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I had been thinking about whether it is possible to stop an incoming missile or not. I found something quite interesting here.

So, there many people said that it will be possible to stop an incoming missile (at least in some cases) by firing an anti-missile at it and the nuclear weapon will break into "a lot of little pieces" and "harmlessly fall to the ground".

However as I had learnt in our class, a nuclear weapon contains two small masses of radioactive materials separated by a lead barrier such that each mass is below critical mass but the sum total of two masses is greater than critical mass. So when the lead barrier is removed, chain reaction starts and explosion occurs. So, I think that in case an anti-missile hits the nuclear weapon, it would break and as soon as the lead barrier breaks the two masses in air will have sum larger than critical mass and chain reaction will start. So there will be explosion in the air and large amount of radioactive particles will fall to the ground resulting in future deaths.

So, the reason I feel that I might be wrong is that the two masses will remain separated in air so they might not be considered as a mass greater than critical mass so no explosion.

Any light regarding this matter will be highly helpful. Thanks.

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    $\begingroup$ While your description of how a nuclear weapon works is not accurate, Jimmy360's comment below is correct: in order for a nuclear weapon to develop its full energy a lot of things have to happen in a very precise and timely manner. Even a strong enough "bump" against the weapon will prevent that and at most the weapon will "fizzle" at a tiny fraction of its design energy. A high speed collision with a kill vehicle is more than enough to render a nuclear warhead completely useless. $\endgroup$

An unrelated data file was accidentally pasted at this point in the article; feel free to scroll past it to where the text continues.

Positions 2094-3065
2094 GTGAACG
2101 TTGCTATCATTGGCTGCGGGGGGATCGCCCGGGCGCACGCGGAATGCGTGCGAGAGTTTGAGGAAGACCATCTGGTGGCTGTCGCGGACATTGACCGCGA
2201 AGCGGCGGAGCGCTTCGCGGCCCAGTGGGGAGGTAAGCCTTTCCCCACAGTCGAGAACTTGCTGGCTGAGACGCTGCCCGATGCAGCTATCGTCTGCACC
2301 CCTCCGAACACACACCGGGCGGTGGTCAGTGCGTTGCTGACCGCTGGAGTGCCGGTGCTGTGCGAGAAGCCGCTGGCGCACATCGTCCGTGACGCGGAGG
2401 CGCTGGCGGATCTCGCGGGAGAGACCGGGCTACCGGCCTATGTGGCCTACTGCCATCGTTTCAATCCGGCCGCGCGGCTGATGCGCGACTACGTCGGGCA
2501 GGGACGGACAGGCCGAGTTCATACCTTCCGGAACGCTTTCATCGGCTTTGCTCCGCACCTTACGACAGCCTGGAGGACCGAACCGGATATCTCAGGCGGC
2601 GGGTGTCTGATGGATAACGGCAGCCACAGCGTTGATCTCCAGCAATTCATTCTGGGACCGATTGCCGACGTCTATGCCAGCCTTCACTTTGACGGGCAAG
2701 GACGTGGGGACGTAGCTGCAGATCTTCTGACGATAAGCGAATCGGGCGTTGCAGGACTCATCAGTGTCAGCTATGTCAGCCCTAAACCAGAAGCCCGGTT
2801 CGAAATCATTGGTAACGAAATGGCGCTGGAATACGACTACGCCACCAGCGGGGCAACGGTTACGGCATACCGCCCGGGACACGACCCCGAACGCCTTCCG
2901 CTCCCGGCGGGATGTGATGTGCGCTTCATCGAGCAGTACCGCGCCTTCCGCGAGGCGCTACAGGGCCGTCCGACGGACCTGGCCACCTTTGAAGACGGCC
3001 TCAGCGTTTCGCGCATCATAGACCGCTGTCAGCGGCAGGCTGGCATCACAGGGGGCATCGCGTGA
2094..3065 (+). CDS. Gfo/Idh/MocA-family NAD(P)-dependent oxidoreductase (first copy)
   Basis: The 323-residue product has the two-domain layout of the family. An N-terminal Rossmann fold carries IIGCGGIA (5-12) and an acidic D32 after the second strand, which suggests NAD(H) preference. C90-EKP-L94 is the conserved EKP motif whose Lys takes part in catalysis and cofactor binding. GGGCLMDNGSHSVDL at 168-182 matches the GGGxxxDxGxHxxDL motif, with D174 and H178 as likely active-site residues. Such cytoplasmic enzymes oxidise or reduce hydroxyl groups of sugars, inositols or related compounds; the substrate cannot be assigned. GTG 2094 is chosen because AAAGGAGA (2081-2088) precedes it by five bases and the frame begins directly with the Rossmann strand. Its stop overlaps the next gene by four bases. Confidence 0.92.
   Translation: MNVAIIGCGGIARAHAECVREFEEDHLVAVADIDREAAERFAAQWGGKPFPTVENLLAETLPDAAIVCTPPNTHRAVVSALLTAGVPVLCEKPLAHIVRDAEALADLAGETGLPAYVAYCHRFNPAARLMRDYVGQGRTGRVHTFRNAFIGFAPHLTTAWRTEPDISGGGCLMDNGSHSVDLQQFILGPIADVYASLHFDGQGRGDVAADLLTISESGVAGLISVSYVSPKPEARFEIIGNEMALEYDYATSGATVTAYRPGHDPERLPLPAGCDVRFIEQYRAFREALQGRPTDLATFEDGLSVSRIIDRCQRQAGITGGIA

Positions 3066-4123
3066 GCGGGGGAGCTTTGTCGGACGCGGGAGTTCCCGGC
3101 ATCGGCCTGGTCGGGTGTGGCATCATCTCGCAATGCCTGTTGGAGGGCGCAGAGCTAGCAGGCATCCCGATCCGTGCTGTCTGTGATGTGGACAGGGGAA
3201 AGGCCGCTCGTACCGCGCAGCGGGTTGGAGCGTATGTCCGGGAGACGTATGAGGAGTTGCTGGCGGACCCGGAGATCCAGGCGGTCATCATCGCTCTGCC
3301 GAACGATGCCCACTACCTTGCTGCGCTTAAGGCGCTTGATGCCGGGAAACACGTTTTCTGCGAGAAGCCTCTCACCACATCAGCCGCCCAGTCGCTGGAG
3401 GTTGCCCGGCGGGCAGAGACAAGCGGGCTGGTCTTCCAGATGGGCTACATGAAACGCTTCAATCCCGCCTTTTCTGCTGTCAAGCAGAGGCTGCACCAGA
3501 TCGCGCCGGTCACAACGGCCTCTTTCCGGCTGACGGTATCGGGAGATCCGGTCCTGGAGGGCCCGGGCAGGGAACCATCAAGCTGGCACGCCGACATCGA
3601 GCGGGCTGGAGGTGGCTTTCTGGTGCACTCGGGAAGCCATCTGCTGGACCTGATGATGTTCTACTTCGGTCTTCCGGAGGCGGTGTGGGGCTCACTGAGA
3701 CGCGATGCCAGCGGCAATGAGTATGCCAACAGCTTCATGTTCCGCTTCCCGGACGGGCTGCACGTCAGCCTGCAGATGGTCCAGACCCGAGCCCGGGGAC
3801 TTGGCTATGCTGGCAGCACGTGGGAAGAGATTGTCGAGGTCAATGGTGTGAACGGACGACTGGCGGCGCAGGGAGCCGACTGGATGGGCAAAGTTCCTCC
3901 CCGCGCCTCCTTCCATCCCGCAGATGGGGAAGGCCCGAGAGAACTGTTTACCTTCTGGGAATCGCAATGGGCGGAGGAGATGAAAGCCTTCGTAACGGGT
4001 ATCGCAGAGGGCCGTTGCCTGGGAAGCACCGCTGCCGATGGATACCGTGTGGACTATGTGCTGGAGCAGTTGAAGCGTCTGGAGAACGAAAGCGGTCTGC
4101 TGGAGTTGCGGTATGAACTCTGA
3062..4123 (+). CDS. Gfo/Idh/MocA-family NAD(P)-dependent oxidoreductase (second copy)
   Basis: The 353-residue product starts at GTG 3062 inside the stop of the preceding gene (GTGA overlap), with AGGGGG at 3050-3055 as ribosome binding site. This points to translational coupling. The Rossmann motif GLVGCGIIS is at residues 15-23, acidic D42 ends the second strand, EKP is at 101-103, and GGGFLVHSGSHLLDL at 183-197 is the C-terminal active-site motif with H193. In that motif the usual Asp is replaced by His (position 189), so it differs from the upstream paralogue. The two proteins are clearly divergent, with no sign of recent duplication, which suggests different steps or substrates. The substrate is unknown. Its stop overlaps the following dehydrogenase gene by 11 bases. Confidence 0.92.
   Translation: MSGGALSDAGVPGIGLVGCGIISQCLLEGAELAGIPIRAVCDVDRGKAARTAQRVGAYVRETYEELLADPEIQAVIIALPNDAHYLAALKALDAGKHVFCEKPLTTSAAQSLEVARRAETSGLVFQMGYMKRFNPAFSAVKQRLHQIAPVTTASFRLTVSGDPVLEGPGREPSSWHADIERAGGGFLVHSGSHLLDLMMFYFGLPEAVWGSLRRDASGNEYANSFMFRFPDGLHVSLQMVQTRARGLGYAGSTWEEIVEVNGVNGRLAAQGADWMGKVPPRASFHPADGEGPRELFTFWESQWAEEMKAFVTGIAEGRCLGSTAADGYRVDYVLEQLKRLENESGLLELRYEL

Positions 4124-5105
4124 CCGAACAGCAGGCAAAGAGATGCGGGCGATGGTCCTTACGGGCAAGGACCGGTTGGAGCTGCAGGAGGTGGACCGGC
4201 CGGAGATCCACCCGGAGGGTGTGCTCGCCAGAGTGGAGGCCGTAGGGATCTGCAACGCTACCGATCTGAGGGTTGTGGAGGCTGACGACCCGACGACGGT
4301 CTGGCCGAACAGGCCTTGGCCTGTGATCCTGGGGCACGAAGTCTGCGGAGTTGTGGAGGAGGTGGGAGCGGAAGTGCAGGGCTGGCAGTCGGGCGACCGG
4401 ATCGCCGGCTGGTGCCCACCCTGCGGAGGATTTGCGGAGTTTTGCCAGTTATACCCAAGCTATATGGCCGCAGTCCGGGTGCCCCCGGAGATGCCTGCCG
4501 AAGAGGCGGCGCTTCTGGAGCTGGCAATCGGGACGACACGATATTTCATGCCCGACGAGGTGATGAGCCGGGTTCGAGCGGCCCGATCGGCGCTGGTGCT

– CuriousOne
    Commented May 22, 2015 at 5:08
  • $\begingroup$ @CuriousOne I guess that Conrad Turner also gave the same answer elaborately...so I chose his answer as the accepted answer. $\endgroup$ Commented May 22, 2015 at 5:20
  • $\begingroup$ I am not offended, if that's what you mean. I hope that you are getting a few good pointers here. :-) $\endgroup$
    – CuriousOne
    Commented May 22, 2015 at 5:27
  • $\begingroup$ @CuriousOne What do you mean by "few good pointers"? $\endgroup$ Commented May 22, 2015 at 8:36

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There are two general types of atomic warhead, the gun type where two sub-critical masses of Uranium 235 which when triggered one is fired at the other to create a critical mass, the other is an implosion device where a hollow sphere of Plutonium 239 is compressed by the detonation of an explosive jacket. Such devices comprise the trigger for themo-nuclear warheads (hydrogen bombs).

To get such a warhead to detonate properly requires the correct firing of the conventional explosives which unites and compresses the critical mass of fissile material. I suppose that with a poorly designed gun type warhead it would be possible to get the thing to detonate due to a sympathetic detonation of the conventional charge, but a badly designed implosion device would not detonate correctly this way. You should also note that many proposals for anti-ballistic missile weapons do not carry explosive warheads but are intended to achieve their purpose by impacting the target at high speed to give a kinetic energy kill.

Also in the current era, weapon designers go to great lengths to prevent conventional explosives in weapons detonating when they are not supposed to, making sympathetic detonation of a nuclear warhead when hit by an anti-missile weapon even less likely.

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Nuclear weapons work precisely. The removal of the lead is only one step. A controlled explosion launches one subcritical mass at the other. An anti-missile strike would not trigger such a precise mechanism, but instead, would break it.

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